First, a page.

if the same teat cups are used for milking. For this reason,
it is recommended that healthy cows be milked first and
infected cows last (61, 62, 71).
The disease is usually asymptomatic in non-pregnant
females, but pregnant adult females infected with B. abortus
develop placentitis, which normally causes abortion
between the fifth and ninth month of pregnancy. Even in
the absence of abortion, there is heavy shedding of bacteria
through the placenta, fetal fluids and vaginal exudates. The
mammary gland and regional lymph nodes can also be
infected and bacteria can be excreted in milk (56, 71).
Vertical transmission was proved by Plommet, who states
that between 60% and 70% of the fetuses born to infected
mothers carry the infection. Female calves can also be
infected during birth when passing through the birth canal,
or by suckling colostrum or milk from infected cows.
While most of these calves rid themselves of Brucella,
a small percentage may continue to be infected until
adulthood, remaining negative to diagnostic serological
tests but aborting during their first pregnancy. Such animals
pose a serious threat to brucellosis control and eradication
(57, 66, 70).
After contracting the infection, cows commonly abort
during their next pregnancy, but 80% of infected cows
abort only this once. In most cases, subsequent pregnancies
will come to term with no apparent signs, or with the birth
of weak calves, but infected cows suffer repeated uterine
and mammary infections, with microorganisms evident in
birth products and milk. This means that such cows will
continue shedding large numbers of brucellae at delivery
that will go on to become sources of infection for other
animals. Adult males can develop orchitis, and brucellosis
can cause sterility in both sexes. Neutered males used for
fattening are not important in the distribution of the disease
(17, 61, 71).
There have been reports of cows infected with B. abortus
that test seronegative. Brucella abortus was isolated in
119 milk samples from seronegative cows and the isolates
were biovars 2, 3 and 9 (76). In Mexico, the field strain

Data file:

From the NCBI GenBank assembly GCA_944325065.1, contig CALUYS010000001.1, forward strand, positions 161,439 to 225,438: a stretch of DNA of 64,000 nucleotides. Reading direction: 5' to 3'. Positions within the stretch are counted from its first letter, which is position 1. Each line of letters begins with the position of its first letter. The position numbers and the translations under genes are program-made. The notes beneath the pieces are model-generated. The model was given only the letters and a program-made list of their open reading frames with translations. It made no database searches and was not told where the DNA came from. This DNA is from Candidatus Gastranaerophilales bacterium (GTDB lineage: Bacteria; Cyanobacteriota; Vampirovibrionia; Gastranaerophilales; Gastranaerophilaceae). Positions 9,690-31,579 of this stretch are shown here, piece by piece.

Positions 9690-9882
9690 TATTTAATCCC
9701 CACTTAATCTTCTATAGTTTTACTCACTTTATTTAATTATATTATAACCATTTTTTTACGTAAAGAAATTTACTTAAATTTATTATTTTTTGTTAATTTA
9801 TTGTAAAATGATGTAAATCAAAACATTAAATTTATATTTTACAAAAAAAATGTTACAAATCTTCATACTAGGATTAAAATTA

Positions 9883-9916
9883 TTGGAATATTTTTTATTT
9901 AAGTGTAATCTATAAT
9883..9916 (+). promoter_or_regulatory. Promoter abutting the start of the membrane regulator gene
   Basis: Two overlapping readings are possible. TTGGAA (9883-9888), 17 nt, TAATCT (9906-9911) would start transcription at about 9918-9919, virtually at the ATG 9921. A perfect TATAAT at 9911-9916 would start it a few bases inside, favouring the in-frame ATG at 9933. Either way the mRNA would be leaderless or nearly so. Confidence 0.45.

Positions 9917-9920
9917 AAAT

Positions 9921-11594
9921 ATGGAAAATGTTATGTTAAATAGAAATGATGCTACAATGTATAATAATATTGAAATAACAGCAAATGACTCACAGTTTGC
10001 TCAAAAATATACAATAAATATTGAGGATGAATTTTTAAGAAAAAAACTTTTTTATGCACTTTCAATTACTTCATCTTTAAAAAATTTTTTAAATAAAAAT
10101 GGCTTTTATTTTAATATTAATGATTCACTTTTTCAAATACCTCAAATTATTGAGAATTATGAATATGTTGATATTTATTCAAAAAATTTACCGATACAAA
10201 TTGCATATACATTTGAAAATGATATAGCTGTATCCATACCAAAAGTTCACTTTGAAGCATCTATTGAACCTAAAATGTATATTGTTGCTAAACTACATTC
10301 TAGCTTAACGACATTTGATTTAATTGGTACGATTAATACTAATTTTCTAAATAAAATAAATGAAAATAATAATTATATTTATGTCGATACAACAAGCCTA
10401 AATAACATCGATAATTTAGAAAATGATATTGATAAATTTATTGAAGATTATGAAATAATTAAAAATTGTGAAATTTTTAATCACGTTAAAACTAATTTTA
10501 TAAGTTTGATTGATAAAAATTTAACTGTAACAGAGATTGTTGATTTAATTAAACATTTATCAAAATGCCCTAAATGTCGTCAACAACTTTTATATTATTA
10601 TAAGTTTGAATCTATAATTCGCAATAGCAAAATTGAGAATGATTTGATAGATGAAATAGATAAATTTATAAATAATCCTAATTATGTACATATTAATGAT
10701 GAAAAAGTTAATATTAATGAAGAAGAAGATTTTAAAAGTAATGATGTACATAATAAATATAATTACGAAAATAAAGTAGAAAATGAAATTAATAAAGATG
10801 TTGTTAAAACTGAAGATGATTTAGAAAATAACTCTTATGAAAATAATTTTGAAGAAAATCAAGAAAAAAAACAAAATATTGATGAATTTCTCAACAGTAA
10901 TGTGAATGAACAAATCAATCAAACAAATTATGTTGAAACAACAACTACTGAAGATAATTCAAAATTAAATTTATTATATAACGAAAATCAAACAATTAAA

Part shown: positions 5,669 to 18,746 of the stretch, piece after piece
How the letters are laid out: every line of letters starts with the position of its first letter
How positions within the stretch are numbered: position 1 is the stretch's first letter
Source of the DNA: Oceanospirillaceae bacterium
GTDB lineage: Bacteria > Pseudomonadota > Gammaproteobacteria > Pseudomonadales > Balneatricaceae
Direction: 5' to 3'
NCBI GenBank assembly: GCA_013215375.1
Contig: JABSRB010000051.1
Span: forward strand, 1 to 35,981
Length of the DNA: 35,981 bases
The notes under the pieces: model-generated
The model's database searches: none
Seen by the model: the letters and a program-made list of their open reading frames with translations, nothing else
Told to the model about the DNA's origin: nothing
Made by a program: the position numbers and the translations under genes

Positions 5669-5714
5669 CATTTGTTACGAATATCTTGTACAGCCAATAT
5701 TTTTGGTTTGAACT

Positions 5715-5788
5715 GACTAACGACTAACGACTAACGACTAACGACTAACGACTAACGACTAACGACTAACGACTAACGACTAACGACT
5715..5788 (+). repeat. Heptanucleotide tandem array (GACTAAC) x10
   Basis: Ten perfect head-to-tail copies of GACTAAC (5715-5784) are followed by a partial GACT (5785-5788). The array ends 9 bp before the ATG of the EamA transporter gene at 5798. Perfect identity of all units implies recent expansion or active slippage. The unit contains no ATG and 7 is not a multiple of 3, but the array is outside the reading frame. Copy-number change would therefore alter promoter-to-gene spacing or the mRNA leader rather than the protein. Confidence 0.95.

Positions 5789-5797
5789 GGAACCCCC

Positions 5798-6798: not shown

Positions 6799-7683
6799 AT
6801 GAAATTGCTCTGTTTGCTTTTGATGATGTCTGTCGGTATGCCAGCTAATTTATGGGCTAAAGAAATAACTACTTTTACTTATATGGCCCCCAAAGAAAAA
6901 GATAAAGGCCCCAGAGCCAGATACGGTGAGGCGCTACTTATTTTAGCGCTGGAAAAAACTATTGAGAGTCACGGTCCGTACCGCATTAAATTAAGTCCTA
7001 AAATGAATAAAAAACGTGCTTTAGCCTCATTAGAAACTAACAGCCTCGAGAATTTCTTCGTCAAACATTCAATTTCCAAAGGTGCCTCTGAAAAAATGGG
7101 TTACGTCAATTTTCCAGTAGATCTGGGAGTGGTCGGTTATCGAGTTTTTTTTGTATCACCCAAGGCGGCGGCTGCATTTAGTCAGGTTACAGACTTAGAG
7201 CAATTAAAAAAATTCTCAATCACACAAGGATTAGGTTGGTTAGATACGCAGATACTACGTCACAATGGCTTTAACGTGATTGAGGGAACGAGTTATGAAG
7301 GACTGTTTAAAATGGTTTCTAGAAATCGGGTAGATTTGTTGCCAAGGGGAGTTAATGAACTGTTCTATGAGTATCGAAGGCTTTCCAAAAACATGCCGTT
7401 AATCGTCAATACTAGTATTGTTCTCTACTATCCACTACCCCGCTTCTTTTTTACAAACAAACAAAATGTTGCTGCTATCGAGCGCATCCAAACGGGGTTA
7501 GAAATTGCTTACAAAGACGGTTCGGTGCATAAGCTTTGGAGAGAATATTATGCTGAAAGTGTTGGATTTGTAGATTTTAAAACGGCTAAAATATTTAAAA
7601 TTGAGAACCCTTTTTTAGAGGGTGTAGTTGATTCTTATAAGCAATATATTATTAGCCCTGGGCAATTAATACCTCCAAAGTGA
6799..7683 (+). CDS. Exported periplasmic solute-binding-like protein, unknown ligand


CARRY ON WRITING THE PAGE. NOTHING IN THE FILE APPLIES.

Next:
of B. abortus with a smooth phenotype is reported to have
been isolated from the vaginal exudate of two primiparous
cows, vaccinated with reduced-dose RB51, that had calved
normally and were seronegative (7).
Rev. sci. tech. Off. int. Epiz., 32 (1)
In stables with a high prevalence of brucellosis, a major
risk factor for spread is when infected cows contaminate
the herd’s pasture, where Brucella can remain viable for
long periods assisted by adequate moisture levels. The
microorganism becomes even more resistant in the presence
of organic material (1).
As an example, animals infected during critical periods
of the pregnancy (the first third to half of pregnancy) will
abort approximately 30 to 45 days after infection. However,
animals infected at full term will not abort, and animals
infected out of the pregnancy period will not abort during
their next pregnancies (26).
Even though cattle have been shown to exhibit considerable
variation in their immune response to disease challenges,
and much of this difference is attributable to genetics,
cattle breeds are not genetically susceptible or resistant to
brucellosis. The higher incidence of brucellosis in dairy
cows is the result of the close cohabitation that results from
this form of farming (50, 69).
In a primary infection with B. suis in pig farms, the bacteria
can spread within a few months from one infected pig to
more than 50% of animals on the farm. The infection can
often reach 70% to 80% of infected animals at the start